POMFRET — Chronic homelessness may soon be a thing of the past.
That was one of the messages delivered during Access Community Action Agency’s 50th anniversary celebration and awards ceremony Wednesday night.
Access Chief Executive Officer and President Peter DeBiasi said in recent years the organization and its partners have made significant strides in reducing homelessness.
“It’s a big mission, but suddenly it seems more attainable,” DeBiasi said. “Connecticut is the first state in the country to end chronic homelessness of veterans.”
Access was founded in 1965 to help meet basic human needs in the Windham area. Today, it serves Windham and Tolland counties and has extended some of its programs into New London County.
The agency celebrated its volunteers and employees Wednesday, and honored some of its most committed partners, giving its two highest community service awards to the Coalition to End Homelessness and U.S. Sen. Chris Murphy.
Lisa Tepper-Bates, executive director of the Coalition, said Access has been a leader in developing a model to end homelessness. She said there cannot be a one-size fits all approach but instead, each person must be treated as an individual and his or her needs addressed. She said Connecticut has a goal to end chronic homelessness in 2016 and may be the first state to achieve the goal.
“I think as a state we will do it, but I think northeast Connecticut will be the first community in Connecticut to end chronic homelessness,” Tepper-Bates said.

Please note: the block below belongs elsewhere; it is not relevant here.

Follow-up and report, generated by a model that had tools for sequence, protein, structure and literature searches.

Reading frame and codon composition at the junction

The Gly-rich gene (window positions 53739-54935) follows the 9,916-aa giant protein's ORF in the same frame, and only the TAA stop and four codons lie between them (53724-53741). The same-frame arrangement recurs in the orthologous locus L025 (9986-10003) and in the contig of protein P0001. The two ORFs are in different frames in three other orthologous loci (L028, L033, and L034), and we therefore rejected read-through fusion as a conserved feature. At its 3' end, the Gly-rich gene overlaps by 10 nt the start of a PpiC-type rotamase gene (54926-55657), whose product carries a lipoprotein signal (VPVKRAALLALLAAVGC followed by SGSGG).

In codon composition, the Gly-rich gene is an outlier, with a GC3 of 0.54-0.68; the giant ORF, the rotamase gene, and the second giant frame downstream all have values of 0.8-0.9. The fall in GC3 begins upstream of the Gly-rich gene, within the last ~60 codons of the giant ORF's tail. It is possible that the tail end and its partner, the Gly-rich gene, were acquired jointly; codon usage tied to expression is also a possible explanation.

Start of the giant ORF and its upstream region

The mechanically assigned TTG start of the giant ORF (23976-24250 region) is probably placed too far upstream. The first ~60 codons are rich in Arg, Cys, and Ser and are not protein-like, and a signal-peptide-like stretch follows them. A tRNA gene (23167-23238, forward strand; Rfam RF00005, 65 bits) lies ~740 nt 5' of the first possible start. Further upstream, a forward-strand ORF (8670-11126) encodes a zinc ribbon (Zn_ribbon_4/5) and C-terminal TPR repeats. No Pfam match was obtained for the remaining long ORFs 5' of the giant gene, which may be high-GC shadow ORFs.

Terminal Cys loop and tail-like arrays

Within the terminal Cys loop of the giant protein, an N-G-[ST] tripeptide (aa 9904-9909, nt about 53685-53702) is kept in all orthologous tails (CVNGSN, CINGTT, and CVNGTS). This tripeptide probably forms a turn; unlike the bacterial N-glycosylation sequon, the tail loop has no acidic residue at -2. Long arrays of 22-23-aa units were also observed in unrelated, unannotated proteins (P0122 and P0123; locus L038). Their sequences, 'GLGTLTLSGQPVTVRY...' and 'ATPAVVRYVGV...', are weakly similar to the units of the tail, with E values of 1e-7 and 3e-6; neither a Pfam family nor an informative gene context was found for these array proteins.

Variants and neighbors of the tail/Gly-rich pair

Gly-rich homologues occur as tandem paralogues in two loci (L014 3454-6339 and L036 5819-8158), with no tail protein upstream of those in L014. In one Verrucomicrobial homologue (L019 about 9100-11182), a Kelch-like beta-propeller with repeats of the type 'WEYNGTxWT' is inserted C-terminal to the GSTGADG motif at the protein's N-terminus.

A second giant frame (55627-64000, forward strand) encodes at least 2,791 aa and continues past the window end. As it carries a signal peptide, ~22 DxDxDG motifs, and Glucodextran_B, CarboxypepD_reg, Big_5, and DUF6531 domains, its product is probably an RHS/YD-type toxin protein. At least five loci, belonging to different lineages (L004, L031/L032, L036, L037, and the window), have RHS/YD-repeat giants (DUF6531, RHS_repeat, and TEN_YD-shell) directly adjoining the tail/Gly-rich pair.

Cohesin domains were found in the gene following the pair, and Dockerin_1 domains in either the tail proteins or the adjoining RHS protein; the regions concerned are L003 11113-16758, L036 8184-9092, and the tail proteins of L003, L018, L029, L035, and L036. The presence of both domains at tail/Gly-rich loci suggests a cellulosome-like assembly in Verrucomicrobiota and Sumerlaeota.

State Sen. Mae Flexer, who introduced Murphy for his award, said Access and agencies like it have a champion in Congress.
“Everyone in this room can have faith that the needs of the people served by Access are in the heart of Sen. Murphy every day,” Flexer said.
Murphy said his mother taught him to be grateful for what he had and understand others sometimes need support. His mother lived in public housing in New Britain growing up, Murphy said, and back then, the country understood the importance of public-private partnerships.
Public housing and good public schools meant his mother could attend college and become an asset to the economy. He said the sink or swim attitude many have adopted is not helping the country. The work of agencies like Access is critical, Murphy said.
“It’s not just the right thing to do, it's the fiscally smart and responsible thing to do,” Murphy said.
DeBiasi said Access has been proactive in helping create affordable funding. In the coming months and years it will move toward helping to create more jobs, he said.
“Our thing is we know there needs to be affordable housing and jobs,” DeBiasi said. “If there is no housing and no jobs, people will go homeless.”